CoinSwitch, India’s top crypto app, calls for ‘peace and certainty’ on regulation

Souvenir tokens representing the Bitcoin cryptocurrency dive into water in this illustration taken May 17, 2022. REUTERS/Dado Ruvic/Illustration/File Photo

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DAVOS, Switzerland, May 22 (Reuters) – India must establish cryptocurrency rules to resolve regulatory uncertainty, protect investors and boost its crypto sector, CoinSwitch CEO Ashish Singhal said on Sunday. .

Although India’s central bank supported banning cryptocurrencies due to financial stability risks, a move by the federal government to tax their income was interpreted by the industry as a sign of acceptance by New Delhi. .

“Users don’t know what will happen to their holdings – will the government ban, not ban, how will this be regulated?” said Singhal, a former Amazon engineer who co-founded CoinSwitch, to Reuters at the World Economic Forum in Davos.

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CoinSwitch, which is valued at $1.9 billion, claims it is the largest crypto company in India with over 18 million users. The company, based in India’s main technology hub of Bengaluru, is backed by Andreessen Horowitz, Tiger Global and Coinbase Ventures.

“Regulation will bring peace…more certainty,” he added.

Blockchain and cryptocurrency companies have a strong presence at this year’s Davos meeting, which coincides with a period of falling crypto prices around the world.

India’s central bank has expressed “serious concerns” about private cryptocurrencies, but Prime Minister Narendra Modi said in December that these emerging technologies should be used to strengthen democracy, not undermine it. Read more

Exchanges in India often struggle to partner with banks to allow funds to be transferred and in April CoinSwitch and others disabled rupee deposits through a widely used state-backed network, alarming investors. Read more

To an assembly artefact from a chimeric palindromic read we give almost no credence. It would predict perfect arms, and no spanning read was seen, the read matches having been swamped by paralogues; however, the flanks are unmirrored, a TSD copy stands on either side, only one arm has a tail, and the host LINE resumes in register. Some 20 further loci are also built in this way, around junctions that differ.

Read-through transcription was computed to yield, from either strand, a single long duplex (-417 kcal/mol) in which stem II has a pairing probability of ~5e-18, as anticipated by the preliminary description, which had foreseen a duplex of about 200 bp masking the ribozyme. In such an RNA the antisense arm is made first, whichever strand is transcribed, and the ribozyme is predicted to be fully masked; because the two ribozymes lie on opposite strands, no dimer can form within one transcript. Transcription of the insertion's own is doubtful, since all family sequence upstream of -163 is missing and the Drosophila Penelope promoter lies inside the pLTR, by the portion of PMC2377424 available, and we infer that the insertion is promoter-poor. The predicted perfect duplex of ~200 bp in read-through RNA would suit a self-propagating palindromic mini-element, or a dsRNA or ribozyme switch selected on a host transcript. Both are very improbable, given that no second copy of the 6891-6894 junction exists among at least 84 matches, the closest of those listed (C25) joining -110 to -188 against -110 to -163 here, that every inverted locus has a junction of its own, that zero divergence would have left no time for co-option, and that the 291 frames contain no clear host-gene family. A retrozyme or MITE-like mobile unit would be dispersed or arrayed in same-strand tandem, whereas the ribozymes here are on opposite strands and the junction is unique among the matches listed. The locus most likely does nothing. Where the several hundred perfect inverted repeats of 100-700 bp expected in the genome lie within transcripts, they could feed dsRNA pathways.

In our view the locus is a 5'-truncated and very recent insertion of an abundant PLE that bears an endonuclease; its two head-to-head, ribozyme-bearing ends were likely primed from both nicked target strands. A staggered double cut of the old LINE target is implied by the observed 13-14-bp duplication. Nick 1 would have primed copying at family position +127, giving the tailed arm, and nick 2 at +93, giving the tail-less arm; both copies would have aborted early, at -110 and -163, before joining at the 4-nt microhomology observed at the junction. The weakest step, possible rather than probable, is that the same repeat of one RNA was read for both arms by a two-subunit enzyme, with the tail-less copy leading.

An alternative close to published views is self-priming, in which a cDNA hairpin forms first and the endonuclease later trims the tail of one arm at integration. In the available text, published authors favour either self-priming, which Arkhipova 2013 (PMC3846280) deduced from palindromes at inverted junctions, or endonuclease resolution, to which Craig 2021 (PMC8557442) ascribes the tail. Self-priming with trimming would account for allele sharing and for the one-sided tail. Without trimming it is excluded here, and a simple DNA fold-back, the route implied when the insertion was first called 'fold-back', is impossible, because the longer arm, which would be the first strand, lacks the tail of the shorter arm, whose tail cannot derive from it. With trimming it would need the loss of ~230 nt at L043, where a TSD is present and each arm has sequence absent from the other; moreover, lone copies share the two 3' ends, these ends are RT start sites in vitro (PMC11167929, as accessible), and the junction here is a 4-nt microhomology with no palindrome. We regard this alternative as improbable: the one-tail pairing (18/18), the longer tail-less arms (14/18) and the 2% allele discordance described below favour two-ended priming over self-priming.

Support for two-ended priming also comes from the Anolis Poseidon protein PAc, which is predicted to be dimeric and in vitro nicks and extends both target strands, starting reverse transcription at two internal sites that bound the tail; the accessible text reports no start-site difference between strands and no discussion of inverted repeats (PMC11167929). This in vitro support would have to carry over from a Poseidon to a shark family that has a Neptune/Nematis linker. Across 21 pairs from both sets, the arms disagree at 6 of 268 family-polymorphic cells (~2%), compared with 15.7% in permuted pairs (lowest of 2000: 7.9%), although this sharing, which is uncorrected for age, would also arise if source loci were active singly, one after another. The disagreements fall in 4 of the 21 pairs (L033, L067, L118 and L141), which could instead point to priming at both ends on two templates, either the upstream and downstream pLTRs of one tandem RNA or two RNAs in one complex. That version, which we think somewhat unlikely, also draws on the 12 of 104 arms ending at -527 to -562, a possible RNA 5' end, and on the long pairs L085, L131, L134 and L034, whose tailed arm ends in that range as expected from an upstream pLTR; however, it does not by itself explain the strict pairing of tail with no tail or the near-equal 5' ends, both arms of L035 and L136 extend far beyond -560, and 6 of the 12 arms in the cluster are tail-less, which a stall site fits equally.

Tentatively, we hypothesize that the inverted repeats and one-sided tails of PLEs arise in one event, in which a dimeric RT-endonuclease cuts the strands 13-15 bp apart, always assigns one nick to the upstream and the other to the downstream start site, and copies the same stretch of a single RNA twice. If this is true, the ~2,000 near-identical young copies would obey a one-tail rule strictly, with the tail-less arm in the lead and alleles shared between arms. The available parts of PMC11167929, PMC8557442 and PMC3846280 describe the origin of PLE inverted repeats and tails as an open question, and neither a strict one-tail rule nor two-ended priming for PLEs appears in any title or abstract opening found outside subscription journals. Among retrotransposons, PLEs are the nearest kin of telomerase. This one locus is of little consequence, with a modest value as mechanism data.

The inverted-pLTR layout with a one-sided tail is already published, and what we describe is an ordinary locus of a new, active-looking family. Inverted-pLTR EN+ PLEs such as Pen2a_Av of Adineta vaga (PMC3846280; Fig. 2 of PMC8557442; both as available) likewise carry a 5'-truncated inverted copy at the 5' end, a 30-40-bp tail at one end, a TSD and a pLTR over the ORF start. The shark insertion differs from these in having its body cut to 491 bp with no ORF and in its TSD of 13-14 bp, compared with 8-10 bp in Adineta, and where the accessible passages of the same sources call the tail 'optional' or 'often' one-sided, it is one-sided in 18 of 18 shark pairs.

While changes in taxation and some advertising regulations have brought some relief, more needs to be done, Singhal said, adding that India should come up with a set of laws.

These should include standards for identity verification and transfer of crypto assets, while for exchanges, India should put in place a mechanism for them to track transactions and report them to any authority if necessary. .

Although no official data is available on the size of the Indian crypto market, CoinSwitch estimates the number of investors at 20 million, with total holdings of around $6 billion.

Regulatory uncertainty was widely felt. In April, Coinbase, the largest cryptocurrency exchange in the United States, launched in India, but within days it suspended the use of a state-backed interbank funds transfer service.

Coinbase CEO Brian Armstrong said later in May that the move was triggered due to “informal pressure” from India’s central bank.

CoinSwitch also suspended so-called UPI transfers to talk to banking partners and make them feel comfortable, Singhal said in the interview. He added that CoinSwitch was in talks with regulators to try to restart the transfer service.

“We are pushing for regulation. With the right regulation, we can get clarity,” he said.

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Reporting by Aditya Kalra in Davos; Editing by Alexander Smith

Our standards: The Thomson Reuters Trust Principles.

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